It is cold…so cold, but I refuse to think on it for long. It won’t change anything. It wastes my time.
I need that time to watch and wait for just the right group to enter the building. It’s not easy. Too small a group and I will attract their notice. And their scorn.
I hate people’s eyes on me. The haughty looks; the disgust when they realize that I am not like them; the pity when they see how far beneath them I have fallen.
I see a family approach the door. They are perfect. A soccer-mom and useless dad, their gaggle of hellion children to rush ahead, a pair of grand-parents to slow them.
I sidled up behind them and wait for the father to open the heavy outer door. The children push through in a frenzy. I reach for the door and hold it for the older couple then, I take the chance and enter the warmth of the hotel lobby.
The kids have surged ahead of the parents. The grandma and grandpa have trailed behind and all together they create a wall of sight and sound that I skirt to avoid the gaze of the Front Desk staff. They watch the doors all the time. I don’t dare enter alone.
It is a long walk down the hall to the breakfast room. Already, I can feel the warmth of the building creeping into my clothes and limbs.
I feel the familiar rage build in me again. These people, all around me, with their cars and their vacations, throwing more money away on useless junk today than I have had to spend for food all month.
They stare at me as I stump my way to where the food is…or it feels like they stare. Most people glance past me. They don’t see me, can’t make themselves look in my eyes, won’t admit that I exist.
I make them uncomfortable. And we can’t have THAT, can we? So they turn a blind eye and pretend.
The smell of food makes my stomach ache. There are piles of it at every spot on the buffet counter. God…so much food.
How much will they throw away? I always ask myself this question. It silences the feelings of guilt about what I am about to steal. They don’t need this much…that fat kid in the corner has just thrown away more than I wanted to take…so that makes it OK.
The anger is growing in me now. I know I am not fit to be among people when I feel this hate rising up, but I need food and warmth. I stop short of naming companionship among my needs. I know I won’t get it and my face feels tight in a scowl.
I take a plate and put as much food on it as it will hold and then, in an act of sheer reckless defiance…I pour myself coffee into a paper cup and leave the room with my treasure: cheap hotel breakfast.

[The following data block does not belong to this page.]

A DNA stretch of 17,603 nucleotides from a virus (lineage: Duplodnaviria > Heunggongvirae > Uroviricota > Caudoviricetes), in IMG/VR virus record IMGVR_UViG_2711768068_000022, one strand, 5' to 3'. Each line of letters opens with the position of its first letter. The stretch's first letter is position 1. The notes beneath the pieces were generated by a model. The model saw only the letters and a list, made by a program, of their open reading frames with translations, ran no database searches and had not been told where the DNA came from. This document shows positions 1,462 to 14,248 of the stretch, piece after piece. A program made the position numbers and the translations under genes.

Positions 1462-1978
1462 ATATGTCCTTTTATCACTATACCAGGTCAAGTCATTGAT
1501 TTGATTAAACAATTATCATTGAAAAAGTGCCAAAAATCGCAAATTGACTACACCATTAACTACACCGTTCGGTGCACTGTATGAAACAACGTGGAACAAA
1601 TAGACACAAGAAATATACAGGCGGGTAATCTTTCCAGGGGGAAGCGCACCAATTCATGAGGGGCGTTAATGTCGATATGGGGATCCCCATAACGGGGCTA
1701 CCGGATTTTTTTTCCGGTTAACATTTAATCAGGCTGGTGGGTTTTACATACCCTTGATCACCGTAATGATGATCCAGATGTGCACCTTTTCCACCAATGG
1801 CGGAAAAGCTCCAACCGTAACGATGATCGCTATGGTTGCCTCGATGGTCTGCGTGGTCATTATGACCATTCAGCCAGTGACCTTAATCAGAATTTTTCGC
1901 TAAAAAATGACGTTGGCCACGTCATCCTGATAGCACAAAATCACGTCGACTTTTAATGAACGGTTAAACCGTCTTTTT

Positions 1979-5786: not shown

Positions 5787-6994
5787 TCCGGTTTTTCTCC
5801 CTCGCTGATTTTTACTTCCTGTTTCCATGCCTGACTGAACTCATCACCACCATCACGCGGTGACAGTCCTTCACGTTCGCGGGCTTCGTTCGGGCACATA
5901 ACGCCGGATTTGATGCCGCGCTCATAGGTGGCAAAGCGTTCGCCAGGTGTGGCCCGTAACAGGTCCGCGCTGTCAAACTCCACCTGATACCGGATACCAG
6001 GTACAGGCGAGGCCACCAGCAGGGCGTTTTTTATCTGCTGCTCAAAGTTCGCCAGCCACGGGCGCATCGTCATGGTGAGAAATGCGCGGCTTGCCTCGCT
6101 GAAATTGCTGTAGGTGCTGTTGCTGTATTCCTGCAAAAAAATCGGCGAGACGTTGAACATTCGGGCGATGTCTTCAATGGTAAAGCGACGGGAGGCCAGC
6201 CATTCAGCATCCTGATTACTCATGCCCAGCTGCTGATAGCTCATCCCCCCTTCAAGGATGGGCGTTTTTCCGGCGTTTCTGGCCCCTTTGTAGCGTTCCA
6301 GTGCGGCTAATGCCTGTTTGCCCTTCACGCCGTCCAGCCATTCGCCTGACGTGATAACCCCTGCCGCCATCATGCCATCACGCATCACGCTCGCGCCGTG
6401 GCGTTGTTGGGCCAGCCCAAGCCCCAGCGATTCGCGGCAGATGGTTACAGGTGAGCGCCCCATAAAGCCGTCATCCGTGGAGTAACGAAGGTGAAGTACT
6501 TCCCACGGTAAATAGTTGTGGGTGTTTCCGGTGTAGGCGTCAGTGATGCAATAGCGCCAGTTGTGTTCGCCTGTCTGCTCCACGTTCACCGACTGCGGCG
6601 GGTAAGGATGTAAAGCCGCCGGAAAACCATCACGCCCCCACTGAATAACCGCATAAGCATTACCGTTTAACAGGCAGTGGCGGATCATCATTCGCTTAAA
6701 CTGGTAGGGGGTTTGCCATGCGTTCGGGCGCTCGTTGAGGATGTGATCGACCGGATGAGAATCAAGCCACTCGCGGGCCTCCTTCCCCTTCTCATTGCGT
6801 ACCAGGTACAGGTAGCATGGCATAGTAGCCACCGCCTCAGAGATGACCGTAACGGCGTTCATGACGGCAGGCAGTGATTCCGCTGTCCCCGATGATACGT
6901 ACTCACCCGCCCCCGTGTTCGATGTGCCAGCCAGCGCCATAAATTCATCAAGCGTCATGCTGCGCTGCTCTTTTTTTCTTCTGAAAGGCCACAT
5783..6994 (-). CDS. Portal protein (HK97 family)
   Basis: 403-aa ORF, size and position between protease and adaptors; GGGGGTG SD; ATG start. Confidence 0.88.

There is a quiet place upstairs, a common room with couches and chairs, a table to eat from and heaters blowing. I put my feet up on the table and wiggle my toes inside the worn boots to get the blood moving in my feet.
I want to relax more, but I cannot. I dare not. Someone is always around.
A woman walks by me with her daughter. They look at me and almost see me for what I am, but my angry glare makes them look away. I frighten them.
I don’t stay long. Long enough to almost drift off to sleep and that is what drives me to move.
I risk a last cup of coffee, this time from the lobby, and make my mistake. I come down the stairs and there is a man in the lobby. He is watching the lobby closely and he sees me enter. His eyes narrow and he approaches me slowly.
I have already turned back toward the stairs. I can feel my heart beating madly in my chest. I want to run but his voice makes me turn back. I need time.
He asks me what room I am in and I mutter a number, on the second floor and growl a name at random when he asks. He turns away, he’s going to the front desk.
I sprint up the stairs and reach the upper hall. If I can get down the hall quickly enough I can avoid…
He is in the hall. Too fast…I am far enough ahead…there are the stairs down to the back exit.
Another hotel worker is waiting there. He asks me the same questions. I laugh at him. My fear is turning back into rage and I hear my accusations building in my head.
They are so smug and comfortable with their homes and jobs. They don’t care! About where I will sleep…or if I will EAT agin this week.
The one from the lobby is there again, walking slowly toward me and demanding ID.
“WHY?” I scream at him. “Why do you need it?”
“Because I don’t think you are a guest here. If you have rented a room and have an ID that shows it, we can put this behind us. But I don’t think you belong here, sir.”
I don’t belong here? No…but his words spark the flame I have tamped down all day, all week, all month.
I laugh at him and mock him. I curse at him and yell as I back away from him. I won’t turn my back. I won’t look away.
I am screaming gibberish at him now. I don’t understand what I am saying. The words gush out on all the rage and sorrow I have built up since losing my home, my family, my life…
I am in the street now. Off their property and safe from them.
I turn and, with an eye over my shoulder to make sure they don’t follow, I walk away.
Into the cold and dark. Into the unknown.
I don’t know where I will sleep tonight. I may not, just keep moving to stay warm…or I will die.
But today…today was a good day! There was food today. And I felt warm.
The link at the top takes you to the Weekly Challenge that prompted this Post: to write from someone elses perspective.
I had this encounter with a homeless man in the hotel lobby where I work. I feel sorry for him. I DO! But I could not let him stay.
I wrote this from his eyes, and I hope that someday I can help those in need.